Do not ignore that 'spidey sense' tingling. Your subconscious is telling you to wake up and look around.
    Just like the criminals have learned to work together, we can do so. (I'm speaking somewhat hypocritically here, because SWMBO won't carry, and has only the mildest amount of situational awareness.) I have never worried when going somewhere with my Dad, he watches my 6, and I his. He trained me to do that long before I carried. We actually juggle to see who gets the seat against the wall when we go out to eat, but I always let him have it. I know my 6 is covered, and I can read his face should trouble come up.
     
  18. GEM

    GEM Moderator Emeritus

    Joined:
    Apr 11, 2004
    Messages:
    9,988
    Location:
    WNY
    Here's another bad guy entering the fray. Kind of stupid actions here.

    https://news.wttw.com/2021/07/12/attempted-dognapping-precipitated-fatal-shooting-lower-west-side-prosecutors

    From Claude Werner
     
    qwert65 likes this.
  19. waterhouse

    waterhouse Member

    Joined:
    Jan 7, 2005
    Messages:
    5,577
    Location:
    Round Rock, TX
    While the gas station robberies still tend to be a one man job, much other violent crime, especially the stranger on stranger type (carjackings, street robberies, craigslist sale meet ups) seems to be going toward at least 2 suspects.

    This makes it harder to fight your way out of, but if there is video it makes it easier to solve, since its about twice as likely that an acquaintance will come forward for reward money if you show two faces on the news, and it's always easier to play people against each other in interrogation than deal with lone wolf stuff.

    The scariest scenario is that you successfully deal with the 2 bad guys you see and then lose to the 3rd guy you didn't see. I agree with Jeff, compliance is often best unless there are indicators that physical harm is coming.
     
  20. JohnKSa

    JohnKSa Moderator Staff Member

    Joined:
    Jan 1, 2003
    Messages:
    17,385
    Location:
    DFW Area
    Interesting Ayoob article in the May/June 2020 issue of American Handgunner.

    An older couple survived a home invasion. They used two revolvers (emptied one of them) during the attack which left both of them badly injured. They fought and prevailed against one attacker but it turned out that there were actually three of them--the other two hung back initially and then ran when they heard sounds of a struggle.

    The attacker fired only one shot which grazed the male homeowner--then his gun jammed because he had loaded it with the wrong ammunition.

    The couple definitely fought with determination, but they survived mostly due to luck.

    1. Two of the three invaders fled instead of joining the fight.
    2. The attacker's gun was neutralized after only one shot.
    3. The attacker did not have another weapon.
    4. The wife was not so badly injured in the initial attack as to prevent her from retrieving a gun while her husband physically fought with the much younger attacker, then another gun after the first one was emptied.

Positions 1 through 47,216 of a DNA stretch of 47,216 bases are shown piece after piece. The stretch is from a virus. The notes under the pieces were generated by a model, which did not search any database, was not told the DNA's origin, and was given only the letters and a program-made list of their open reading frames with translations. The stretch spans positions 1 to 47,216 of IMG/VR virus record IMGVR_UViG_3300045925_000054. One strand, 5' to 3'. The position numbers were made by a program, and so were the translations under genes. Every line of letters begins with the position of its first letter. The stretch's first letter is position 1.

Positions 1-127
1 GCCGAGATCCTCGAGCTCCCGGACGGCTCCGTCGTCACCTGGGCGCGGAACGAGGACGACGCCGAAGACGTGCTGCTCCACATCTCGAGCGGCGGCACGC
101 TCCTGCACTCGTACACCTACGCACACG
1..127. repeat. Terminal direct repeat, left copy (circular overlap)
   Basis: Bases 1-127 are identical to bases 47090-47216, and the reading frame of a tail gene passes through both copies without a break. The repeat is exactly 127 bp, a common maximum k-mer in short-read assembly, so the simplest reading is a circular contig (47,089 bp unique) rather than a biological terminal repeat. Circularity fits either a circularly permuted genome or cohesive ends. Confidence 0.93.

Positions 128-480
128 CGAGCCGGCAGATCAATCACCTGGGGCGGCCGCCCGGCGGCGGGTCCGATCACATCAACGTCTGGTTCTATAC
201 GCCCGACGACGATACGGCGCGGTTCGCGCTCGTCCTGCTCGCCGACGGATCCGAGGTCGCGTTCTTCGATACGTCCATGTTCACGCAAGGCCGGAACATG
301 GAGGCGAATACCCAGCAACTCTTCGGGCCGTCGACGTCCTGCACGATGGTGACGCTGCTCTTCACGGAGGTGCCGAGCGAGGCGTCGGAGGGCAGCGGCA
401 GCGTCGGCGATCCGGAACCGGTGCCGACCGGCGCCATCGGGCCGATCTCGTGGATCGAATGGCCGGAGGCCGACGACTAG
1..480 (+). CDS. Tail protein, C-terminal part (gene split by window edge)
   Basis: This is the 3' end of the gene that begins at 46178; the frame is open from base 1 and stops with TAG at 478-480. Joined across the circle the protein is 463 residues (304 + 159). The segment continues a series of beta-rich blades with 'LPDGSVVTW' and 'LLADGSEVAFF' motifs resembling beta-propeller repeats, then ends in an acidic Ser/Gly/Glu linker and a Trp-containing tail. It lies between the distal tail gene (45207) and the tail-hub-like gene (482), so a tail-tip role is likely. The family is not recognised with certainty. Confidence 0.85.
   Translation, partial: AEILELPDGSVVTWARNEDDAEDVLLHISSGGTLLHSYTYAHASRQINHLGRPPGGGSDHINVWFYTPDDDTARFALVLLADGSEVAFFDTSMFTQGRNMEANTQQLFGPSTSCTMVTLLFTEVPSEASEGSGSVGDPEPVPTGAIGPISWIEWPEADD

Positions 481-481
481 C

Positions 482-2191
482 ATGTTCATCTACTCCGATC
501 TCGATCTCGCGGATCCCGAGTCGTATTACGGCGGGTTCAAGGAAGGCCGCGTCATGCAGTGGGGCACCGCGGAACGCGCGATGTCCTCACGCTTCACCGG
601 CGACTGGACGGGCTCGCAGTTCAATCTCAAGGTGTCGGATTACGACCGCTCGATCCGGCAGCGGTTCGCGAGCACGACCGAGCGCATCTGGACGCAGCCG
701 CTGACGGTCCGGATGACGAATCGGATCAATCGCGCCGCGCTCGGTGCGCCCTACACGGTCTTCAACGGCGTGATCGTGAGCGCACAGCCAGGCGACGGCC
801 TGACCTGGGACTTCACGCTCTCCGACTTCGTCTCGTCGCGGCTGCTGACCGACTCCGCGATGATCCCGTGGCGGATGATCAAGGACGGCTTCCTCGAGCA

5. A shot from the second retrieved revolver was a CNS hit.

    It took both of them to end the attack, even with a good deal of luck and two firearms, and both were badly hurt in the process.

    As an interesting aside, in spite of the fact that the circumstances were clear the case was not resolved for years, during which time the police held their firearms.
     
    Phaedrus/69 and Blue Jays like this.
  21. Kleanbore

    Kleanbore Moderator Staff Member

    Joined:
    Aug 13, 2008
    Messages:
    13,858
    One of those cases in which the defenders were, very fortunately, able to "retrieve" their firearms.

    Our house layout and my condition make that an unlikely proposition.
     
  22. entropy

    entropy Member

    Joined:
    Feb 9, 2004
    Messages:
    13,349
    Location:
    G_d's Country, WI
    Either some facts are missing here, or they 1.) were both badly injured by a singe shot by the one armed invader that hit them both, or 2.) The attacker injured them with something not normally used as a weapon, and/or one shot. or, 3.) At least one instance of Friendly Fire. :confused:
     
  23. JohnKSa

    JohnKSa Moderator Staff Member

    Joined:
    Jan 1, 2003
    Messages:
    17,385
    Location:
    DFW Area
    The intruder chased the woman and pushed her down, injuring her knee severely and tearing a muscle in her upper leg. Her knee had not recovered at the time the article was written--7 years after the attack. Her husband intervened at that point and the attack focused on him from that point on.

    The intruder beat the man with the pistol, opening wounds on his head. The single gunshot he fired grazed the man's head causing a minor wound. During the attack, while they were wrestling, he bit one of the man's fingers with sufficient force to crush the bones in it.

    Both were hospitalized after the attack.

    Found an online link.

    https://americanhandgunner.com/our-experts/home-invasion-the-coker-family-incident/
     
    JTHunter, Phaedrus/69 and Blue Jays like this.
  24. Blue Jays

    Blue Jays Member

    Joined:
    Dec 30, 2002
    Messages:
    519
    Location:
    USA
    Interesting article indeed about tactics learned when the Cokers were targeted in the home invasion.
     
  25. JohnKSa

    JohnKSa Moderator Staff Member

    Joined:
    Jan 1, 2003
    Messages:
    17,385
    Location:
    DFW Area
    The applicability to this thread's topic was specifically the fact that there were actually three people who planned to attack. The Cokers were very fortunate that only one of them was determined to carry the attack through once resistance was encountered. I seriously doubt they could have fought off three attackers as much trouble as they had with just one.

    Also interesting in that it is a non-LEO instance of a real-world attack that required a reload (well, second gun, but it's the same thing, effectively)--even though there was only one attacker and his gun only worked for a single shot.
     
    gyp_c2 likes this.
  1. This site uses cookies to help personalise content, tailor your experience and to keep you logged in if you register.
    By continuing to use this site, you are consenting to our use of cookies.
    Dismiss Notice